Vice-Mayor Glenda Rabat-Gayta says that empowering families through food sufficiency in the household level is the main goal. The benefits of this simple gardening in the backyard are strengthening family relationships, incurring savings, income augmentation, entrepreneurial opportunities, promoting agri-tourism and solid waste management.

Read the full article: Philippine Information Agency

Back in 2009: If they do it in Washington, D.C. and Sulphur, LA, why don’t we do it in the drylands ? (Google / GW Hachet)

 

In September 2009 I wrote:

https://containergardening.wordpress.com/2009/09/14/washington-d-c-students-plant-vegetable-garden-on-h-street-google-gw-hachet/

by Prof. Dr. Willem Van Cotthem (Ghent University, Belgium)

MOET ER NOG ZAND ZIJN D copy.jpeg

If students of the George Washington University in Washington D.C. can do it in the street “to teach people who and where their food comes from through service learning.“, and people in Sulphur, LA are laying out a community garden, why don’t we construct a vegetable garden for every hungry family in the drylands?  Wouldn’t that be the best investment ever to combat desertification and hunger in this world?

I hope this idea will be picked up by many student organisations and NGOs before the international agencies are taking the initiative to launch a “world programme on vegetable gardens“.

After all, if all over the world the so-called “guerilla gardening“-movement, allotment gardening and community gardening (see some former postings on this blog) shows that people react upon the food crisis by creating their own vegetable gardens at any available open space in the cities, time has come for decision makers to officialise this guerilla movement and multiply the small vegetable gardens at the largest possible scale.

As no special skills are needed, small kitchen gardens can be created everywhere in rural areas, but also in urban environment.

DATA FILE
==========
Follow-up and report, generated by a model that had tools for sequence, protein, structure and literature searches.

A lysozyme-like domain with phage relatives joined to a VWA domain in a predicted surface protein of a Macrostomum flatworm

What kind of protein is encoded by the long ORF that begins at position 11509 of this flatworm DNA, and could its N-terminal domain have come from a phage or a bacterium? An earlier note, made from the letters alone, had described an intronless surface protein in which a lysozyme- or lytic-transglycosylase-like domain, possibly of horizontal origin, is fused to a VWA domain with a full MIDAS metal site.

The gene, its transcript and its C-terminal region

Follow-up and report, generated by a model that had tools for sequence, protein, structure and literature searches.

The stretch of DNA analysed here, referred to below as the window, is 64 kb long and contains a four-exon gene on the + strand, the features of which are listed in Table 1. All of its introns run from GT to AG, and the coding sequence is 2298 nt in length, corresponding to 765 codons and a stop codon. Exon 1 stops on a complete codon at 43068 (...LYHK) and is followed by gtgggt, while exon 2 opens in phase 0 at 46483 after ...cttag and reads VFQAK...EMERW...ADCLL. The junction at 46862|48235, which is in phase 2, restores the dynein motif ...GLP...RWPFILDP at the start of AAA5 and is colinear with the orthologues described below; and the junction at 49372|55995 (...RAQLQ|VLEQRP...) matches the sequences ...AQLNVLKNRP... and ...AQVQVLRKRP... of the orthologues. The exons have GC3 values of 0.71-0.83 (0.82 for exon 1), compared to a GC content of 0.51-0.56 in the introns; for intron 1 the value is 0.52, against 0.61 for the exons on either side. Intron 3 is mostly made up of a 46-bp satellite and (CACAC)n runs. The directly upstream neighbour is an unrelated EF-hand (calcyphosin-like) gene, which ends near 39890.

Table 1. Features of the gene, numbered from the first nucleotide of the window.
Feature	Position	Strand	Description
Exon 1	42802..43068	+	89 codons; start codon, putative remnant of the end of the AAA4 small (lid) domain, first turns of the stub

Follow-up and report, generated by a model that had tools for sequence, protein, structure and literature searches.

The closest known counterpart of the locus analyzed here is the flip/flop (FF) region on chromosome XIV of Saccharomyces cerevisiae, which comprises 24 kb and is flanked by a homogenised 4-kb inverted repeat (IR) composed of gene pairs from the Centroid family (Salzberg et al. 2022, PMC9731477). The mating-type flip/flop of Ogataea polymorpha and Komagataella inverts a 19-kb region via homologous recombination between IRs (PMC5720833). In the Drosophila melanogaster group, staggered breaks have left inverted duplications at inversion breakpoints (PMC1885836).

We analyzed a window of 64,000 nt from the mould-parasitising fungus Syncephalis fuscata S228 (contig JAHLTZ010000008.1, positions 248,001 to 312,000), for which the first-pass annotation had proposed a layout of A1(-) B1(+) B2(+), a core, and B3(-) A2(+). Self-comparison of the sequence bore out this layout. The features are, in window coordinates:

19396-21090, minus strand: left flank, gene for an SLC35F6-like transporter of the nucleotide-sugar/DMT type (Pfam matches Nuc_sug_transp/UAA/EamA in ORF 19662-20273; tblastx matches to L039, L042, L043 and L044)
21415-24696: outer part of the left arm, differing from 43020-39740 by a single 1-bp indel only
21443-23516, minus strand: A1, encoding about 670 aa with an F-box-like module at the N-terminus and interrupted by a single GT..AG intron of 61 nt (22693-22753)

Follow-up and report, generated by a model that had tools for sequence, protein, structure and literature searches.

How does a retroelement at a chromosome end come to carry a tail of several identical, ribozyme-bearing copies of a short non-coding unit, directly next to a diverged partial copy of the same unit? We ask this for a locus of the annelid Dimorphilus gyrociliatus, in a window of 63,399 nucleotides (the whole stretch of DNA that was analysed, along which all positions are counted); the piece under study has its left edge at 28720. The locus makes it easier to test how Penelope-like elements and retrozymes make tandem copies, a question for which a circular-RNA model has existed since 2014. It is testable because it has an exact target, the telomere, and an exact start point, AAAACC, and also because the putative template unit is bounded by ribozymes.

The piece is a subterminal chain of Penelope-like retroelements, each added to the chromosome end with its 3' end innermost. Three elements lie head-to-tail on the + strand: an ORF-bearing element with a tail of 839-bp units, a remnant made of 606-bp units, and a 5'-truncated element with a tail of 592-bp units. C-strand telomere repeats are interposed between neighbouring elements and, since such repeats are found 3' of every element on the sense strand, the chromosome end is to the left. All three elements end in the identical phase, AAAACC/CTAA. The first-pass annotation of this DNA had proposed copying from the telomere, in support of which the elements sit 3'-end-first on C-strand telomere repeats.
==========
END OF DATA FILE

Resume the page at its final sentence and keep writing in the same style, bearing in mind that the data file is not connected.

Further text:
All those in favour, raise your hand (and your voice).

Willem Van Cotthem

‘Few will have the greatness to bend history itself, but each of us can work to change a small portion of events, and in the totality of those acts will be written the history of this generation.’

John F Kennedy

===============

Read at : Google Alert – gardening

http://media.www.gwhatchet.com/media/storage/paper332/news/2009/09/14/News/Students.Plant.Vegetable.Garden.On.H.Street-3770484.shtml

and

 

Read at : Google Alert – drought

http://www.sulphurdailynews.com/news/x244359955/Community-Garden-to-break-ground-September-19

Local food in urban gardens in Mexico City

Photo credit: Food Tank

Mexico City’s thriving local food system emphasizes sustainable urban agriculture.
commons.wikimedia.org

10 Unique Urban Agriculture Projects in Mexico City

Mexico City gets a bad rap as one of the world’s largest and most polluted cities—but there’s more to the story than smog and soot. A thriving urban agriculture movement has developed among residents seeking a healthier and more sustainable lifestyle. Here are 10 of the most creative and innovative projects transforming the local food system in Mexico City.

Read the full article: Food Tank

Drought-hit hungry households could easily grow food in containers

Photo credit : WVC P1070394 – 2011-09

Vegetables and herbs grown in 8 weeks time on bottle towers

A simple solution for the global hunger problem

by Prof. Dr. Willem Van Cotthem (University of Ghent, Belgium)